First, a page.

Artwork Details for Utamaro 1, Kitagawa (1753-1806) "Tatsumi Roko"


Utamaro 1, Kitagawa (1753-1806) - Tatsumi Roko - 辰己路考

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Tatsumi Roko - 辰己路考
by Utamaro 1, Kitagawa (1753-1806) - 喜多川歌麿

Artist:Utamaro 1, Kitagawa (1753-1806) - 喜多川歌麿
Title:Tatsumi Roko - 辰己路考
Series:Renowned Beauties Likened to the Six Immortal Poets - 高名美人六家撰
Date:1795-96 circa (this artwork: 1960s)
Publisher:Kyoto Hanga-In - 京都版画院
Medium:Woodblock - 木版画
Format:Large Oban - 大大判, 27 x 40cm (sheet size)
Condition:Fine. Light embossing. Two remnants of original folder mounting on the verso edge.
Price:$140 (EMS Express worldwide shipping: $30)

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Artwork Code:13103-Kitagawa_Utamaro_1
Notes:This woodblock print is a high-quality reproduction published by Kyoto Hanga-In for the series "A Collection of Famous Ukiyo-e Works" (浮世絵名作版画集). The quality of carving and printing in this very rare series equals and perhaps surpasses that of the highly regarded publisher Takamizawa. The carver for this series was Harada, formally Doi Hangaten's main post-war carver who left Doi and jointed Kyoto Hanga-In in 1963.

Kyoto Hanga-In publisher seal, Harada carver seal, and Ito printer seal are in the lower left margin.

Artist: Kitagawa Utamaro.
Title: Tatsumi Rokô, from the series Renowned Beauties Likened to the Six Immortal Poets (Kômei bijin rokkasen).
Date: 1795-96

This type of print shows a woman of the pleasure quarters. The Edo period red-light districts were officially sanctioned, however, they weren't the playground for just anyone. The popular top-class geishas of the day (known as 'oiran') were depicted in this type of print. In ukiyo-e woodblock prints, this close-up portrait view of the upper body is known as an okubi-e (bust portrait).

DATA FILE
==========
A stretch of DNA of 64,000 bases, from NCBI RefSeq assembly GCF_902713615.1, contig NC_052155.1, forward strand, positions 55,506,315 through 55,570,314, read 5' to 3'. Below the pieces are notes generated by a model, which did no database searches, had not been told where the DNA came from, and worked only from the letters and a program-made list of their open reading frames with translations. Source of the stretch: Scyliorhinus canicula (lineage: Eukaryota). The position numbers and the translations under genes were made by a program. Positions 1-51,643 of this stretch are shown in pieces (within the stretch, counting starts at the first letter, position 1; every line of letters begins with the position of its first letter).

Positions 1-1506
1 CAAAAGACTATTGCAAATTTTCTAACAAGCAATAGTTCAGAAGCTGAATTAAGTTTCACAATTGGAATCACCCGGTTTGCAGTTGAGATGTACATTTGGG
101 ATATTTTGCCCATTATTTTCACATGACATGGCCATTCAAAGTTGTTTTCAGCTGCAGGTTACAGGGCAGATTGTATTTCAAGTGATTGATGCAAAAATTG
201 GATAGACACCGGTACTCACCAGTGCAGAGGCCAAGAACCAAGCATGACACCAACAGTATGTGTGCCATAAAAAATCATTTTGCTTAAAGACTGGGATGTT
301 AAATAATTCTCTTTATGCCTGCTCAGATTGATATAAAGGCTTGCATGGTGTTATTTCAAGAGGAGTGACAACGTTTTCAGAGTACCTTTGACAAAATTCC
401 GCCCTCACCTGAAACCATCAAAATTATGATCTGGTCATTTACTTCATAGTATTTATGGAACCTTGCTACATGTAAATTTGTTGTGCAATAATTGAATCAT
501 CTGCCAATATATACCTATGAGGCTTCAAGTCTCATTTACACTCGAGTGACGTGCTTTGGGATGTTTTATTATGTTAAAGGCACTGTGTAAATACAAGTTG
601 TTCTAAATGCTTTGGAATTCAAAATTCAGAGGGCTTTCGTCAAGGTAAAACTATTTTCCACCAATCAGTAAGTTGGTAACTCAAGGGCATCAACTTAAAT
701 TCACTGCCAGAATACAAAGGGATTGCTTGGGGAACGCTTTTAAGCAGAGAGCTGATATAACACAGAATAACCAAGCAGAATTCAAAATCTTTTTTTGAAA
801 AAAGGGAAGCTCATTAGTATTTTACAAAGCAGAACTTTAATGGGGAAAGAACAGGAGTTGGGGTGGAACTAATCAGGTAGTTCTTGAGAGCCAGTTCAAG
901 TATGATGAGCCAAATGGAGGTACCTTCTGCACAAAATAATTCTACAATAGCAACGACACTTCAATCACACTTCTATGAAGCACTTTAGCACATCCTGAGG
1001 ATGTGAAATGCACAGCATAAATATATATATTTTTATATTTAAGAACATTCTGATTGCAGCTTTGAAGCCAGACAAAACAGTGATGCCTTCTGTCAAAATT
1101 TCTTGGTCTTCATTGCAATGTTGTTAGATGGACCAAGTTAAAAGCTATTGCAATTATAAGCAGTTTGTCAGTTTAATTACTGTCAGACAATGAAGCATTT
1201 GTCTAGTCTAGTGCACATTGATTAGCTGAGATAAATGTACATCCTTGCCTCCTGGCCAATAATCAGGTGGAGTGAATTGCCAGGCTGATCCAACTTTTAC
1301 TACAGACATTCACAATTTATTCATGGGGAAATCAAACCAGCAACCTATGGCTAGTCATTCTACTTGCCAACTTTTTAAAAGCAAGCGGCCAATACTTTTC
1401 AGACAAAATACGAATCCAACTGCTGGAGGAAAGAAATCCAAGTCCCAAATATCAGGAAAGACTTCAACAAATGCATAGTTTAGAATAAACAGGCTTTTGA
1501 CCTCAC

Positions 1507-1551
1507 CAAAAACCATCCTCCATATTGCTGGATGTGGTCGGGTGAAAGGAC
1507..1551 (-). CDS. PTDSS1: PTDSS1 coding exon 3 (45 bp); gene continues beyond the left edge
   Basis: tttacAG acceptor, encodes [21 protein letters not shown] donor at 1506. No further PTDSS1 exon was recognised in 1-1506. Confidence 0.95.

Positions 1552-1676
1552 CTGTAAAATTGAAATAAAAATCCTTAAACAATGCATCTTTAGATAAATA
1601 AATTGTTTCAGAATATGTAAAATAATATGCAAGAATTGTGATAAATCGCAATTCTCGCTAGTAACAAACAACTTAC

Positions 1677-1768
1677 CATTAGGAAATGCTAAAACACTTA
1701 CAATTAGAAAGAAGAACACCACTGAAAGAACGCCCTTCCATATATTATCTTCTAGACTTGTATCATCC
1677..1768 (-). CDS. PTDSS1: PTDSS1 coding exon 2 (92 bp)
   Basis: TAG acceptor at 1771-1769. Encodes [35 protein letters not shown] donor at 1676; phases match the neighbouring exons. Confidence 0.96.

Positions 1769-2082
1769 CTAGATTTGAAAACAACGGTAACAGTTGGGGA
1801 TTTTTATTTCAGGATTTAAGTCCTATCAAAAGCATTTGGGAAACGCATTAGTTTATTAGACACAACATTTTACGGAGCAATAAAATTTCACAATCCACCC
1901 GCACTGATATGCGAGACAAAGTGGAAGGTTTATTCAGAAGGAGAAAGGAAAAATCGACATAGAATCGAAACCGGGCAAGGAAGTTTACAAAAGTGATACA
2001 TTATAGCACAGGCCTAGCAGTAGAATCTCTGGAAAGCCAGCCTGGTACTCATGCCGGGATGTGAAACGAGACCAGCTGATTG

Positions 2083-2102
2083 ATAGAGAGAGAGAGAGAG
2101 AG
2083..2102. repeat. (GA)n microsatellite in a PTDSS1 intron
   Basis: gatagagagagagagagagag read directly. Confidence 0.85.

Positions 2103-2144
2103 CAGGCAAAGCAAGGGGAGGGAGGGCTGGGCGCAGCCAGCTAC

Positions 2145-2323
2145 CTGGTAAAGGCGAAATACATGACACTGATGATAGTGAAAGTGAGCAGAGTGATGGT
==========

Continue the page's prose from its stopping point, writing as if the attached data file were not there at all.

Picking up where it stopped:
Publisher Notes:Here are some notes from Daiwa Shinagawa (current owner of Kyoto Hanga-In, 2014) regarding the woodblocks and their survival (or not):
He is quite clear in his explanation that all the blocks held by Nishinomiya were *completely* destroyed in an air-raid circa 1945 (including Bakufu's Fish series and Wada's Occupations series). This is quite strong evidence to support the suggestion that the blocks used after the war for these series' reprints were completely recarved.
He goes on to say that, due to the poor economic climate after the war, Kyoto Hanga-In did not have the finances to purchase new cherry blocks for each new print scene. As a result, whenever a new scene was to be published they used a block from a previously published scene (i.e., carving the block flat and then recarving the new scene). That is quite a revelation that I would never have expected. As a result of all the recarving of blocks, there are no surviving woodblocks from prior to the 1960s, so the blocks for all the usual 1950s scenes by Bakufu, Hiyoshi, Wada, etc. no longer exist.
Search:Utamaro 1, Kitagawa (1753-1806) (See more prints by this artist)


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